President Donald Trump announced Friday that a date and location has been set for a planned meeting with North Korean leader Kim Jong Un.
“We now have a date and we have a location, we’ll be announcing it soon,” Trump told reporters outside the White House, right before he left Washington, D.C., for Texas.
According to Reuters, the White House will be revealing both the date and location in an upcoming statement. The news hints at progress in regard to the potential release of three Americans currently being held by the foreign regime.
Reports that the three Americans, who had been arrested and held in a labor camp, were recently moved to a hotel in Pyongyang are currently being investigated by the U.S. government.
“They are staying in a hotel on the outskirts of Pyongyang,” said Choi Sung-ryong, a South Korean activist with contacts in North Korea, according to South China Morning Post.
Two of the hostages were detained in 2017, after Trump assumed the presidency.
White House officials have been hopeful that Kim Hak-song, Kim Sang-duk and Kim Dong-chul will be released by the regime before the summit between Trump and Kim.
“We’re having very substantive talks with North Korea and a lot of things have already happened with regard to the (U.S.) hostages,” Trump told reporters. “I think you’re going to be seeing very good things.”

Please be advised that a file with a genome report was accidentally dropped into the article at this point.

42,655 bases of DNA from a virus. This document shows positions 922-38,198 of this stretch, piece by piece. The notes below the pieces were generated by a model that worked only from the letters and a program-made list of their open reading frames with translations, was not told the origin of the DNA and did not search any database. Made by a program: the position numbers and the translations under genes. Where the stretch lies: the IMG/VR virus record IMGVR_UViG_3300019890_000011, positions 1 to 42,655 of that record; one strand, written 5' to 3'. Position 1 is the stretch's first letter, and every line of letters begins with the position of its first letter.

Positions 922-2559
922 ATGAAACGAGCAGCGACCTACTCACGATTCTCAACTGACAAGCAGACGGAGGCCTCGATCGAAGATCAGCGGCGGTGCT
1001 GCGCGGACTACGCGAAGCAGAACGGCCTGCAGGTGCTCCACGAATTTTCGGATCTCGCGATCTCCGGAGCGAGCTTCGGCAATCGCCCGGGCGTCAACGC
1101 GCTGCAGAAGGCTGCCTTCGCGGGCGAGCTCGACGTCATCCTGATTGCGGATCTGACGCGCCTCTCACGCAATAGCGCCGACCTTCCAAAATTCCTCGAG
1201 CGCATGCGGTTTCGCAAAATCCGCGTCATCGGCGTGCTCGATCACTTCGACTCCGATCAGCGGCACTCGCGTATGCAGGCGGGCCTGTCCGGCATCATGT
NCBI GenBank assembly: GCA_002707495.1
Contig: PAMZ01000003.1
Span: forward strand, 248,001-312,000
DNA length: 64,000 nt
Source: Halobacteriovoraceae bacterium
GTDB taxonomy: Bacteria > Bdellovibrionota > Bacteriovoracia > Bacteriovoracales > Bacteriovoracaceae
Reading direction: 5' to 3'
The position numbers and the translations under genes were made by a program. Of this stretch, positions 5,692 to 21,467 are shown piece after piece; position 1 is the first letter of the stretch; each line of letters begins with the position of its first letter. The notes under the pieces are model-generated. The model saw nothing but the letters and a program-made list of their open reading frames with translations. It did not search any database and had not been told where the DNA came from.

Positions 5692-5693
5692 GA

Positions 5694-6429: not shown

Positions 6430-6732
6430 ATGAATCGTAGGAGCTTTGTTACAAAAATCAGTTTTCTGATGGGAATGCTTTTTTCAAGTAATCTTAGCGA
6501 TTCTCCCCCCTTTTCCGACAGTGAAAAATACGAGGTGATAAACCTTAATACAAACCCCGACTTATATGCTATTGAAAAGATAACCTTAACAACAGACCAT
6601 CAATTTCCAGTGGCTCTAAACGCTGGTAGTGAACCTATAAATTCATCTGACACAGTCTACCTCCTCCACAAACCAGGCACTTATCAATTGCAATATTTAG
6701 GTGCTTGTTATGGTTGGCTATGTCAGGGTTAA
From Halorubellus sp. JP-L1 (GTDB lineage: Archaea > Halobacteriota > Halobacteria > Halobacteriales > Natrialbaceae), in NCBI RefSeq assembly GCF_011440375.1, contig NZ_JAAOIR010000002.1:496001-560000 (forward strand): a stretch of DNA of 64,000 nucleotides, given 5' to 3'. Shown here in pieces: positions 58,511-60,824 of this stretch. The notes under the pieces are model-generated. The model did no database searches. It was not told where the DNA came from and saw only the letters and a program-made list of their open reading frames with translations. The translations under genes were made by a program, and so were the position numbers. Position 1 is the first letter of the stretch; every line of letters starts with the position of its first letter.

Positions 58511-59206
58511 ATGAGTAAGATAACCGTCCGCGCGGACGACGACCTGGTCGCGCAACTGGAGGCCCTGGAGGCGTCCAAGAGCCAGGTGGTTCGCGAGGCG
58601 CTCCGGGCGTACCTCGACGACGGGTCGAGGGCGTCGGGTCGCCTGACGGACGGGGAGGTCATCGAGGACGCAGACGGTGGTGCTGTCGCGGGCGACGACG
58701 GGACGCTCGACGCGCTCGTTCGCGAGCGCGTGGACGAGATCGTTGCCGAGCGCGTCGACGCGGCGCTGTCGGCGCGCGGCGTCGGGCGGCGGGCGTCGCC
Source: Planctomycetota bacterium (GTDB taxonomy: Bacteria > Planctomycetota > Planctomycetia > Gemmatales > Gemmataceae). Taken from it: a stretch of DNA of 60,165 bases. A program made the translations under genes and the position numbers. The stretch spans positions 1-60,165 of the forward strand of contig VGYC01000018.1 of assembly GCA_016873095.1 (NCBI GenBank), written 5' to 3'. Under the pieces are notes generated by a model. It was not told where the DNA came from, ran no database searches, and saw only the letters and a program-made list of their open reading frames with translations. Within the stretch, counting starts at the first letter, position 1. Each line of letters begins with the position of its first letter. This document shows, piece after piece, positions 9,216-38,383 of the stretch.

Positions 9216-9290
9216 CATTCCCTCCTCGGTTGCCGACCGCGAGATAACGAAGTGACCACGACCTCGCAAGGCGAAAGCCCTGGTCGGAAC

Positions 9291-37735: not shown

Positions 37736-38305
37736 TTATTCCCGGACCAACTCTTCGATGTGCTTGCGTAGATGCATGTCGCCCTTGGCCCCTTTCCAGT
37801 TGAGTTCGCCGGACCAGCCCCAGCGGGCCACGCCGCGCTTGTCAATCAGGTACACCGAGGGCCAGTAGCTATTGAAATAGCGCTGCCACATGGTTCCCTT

The president is also expected to push the North Korean leader to give up his country’s nuclear weapons.
The president said Friday that, as part of negotiations, he would consider reducing the U.S. military presence along the South Korean border.
Such a reduction would not come immediately, Trump said, but it could be an option in the long term.
“Now I have to tell you, at some point into the future, I would like to save the money. You know, we have 32,000 troops there,” Trump said.
Though no location for the summit has been given as of yet, Trump hinted earlier this week that the demilitarized zone between both North and South Korea would be a prime spot, though he said that Singapore would also be an excellent venue.
The Peace House at the DMZ was the chosen location for a meeting that took place last month between Kim and South Korean President Moon Jae-in.
As reported by The Western Journal, the historic meeting saw both officials agree to seek peace and officially end the Korean War. Kim and Moon shook hands in a show of unity — a gesture that the citizens of North Korea did not see, at least in real time.
“North Korean media will cut and splice to show Kim in the most favorable light, and ideally in a superior position to his southern counterpart,” said Euan Graham, the Lowy Institute’s international security director.
Graham added that the chance for embarrassment on live TV poses too great a risk for the North Korean dictator, so it is rarely an option for his regime.
Graham said he wasn’t surprised by the move to shun the live broadcast, as it was “the same for the Winter Olympics.”
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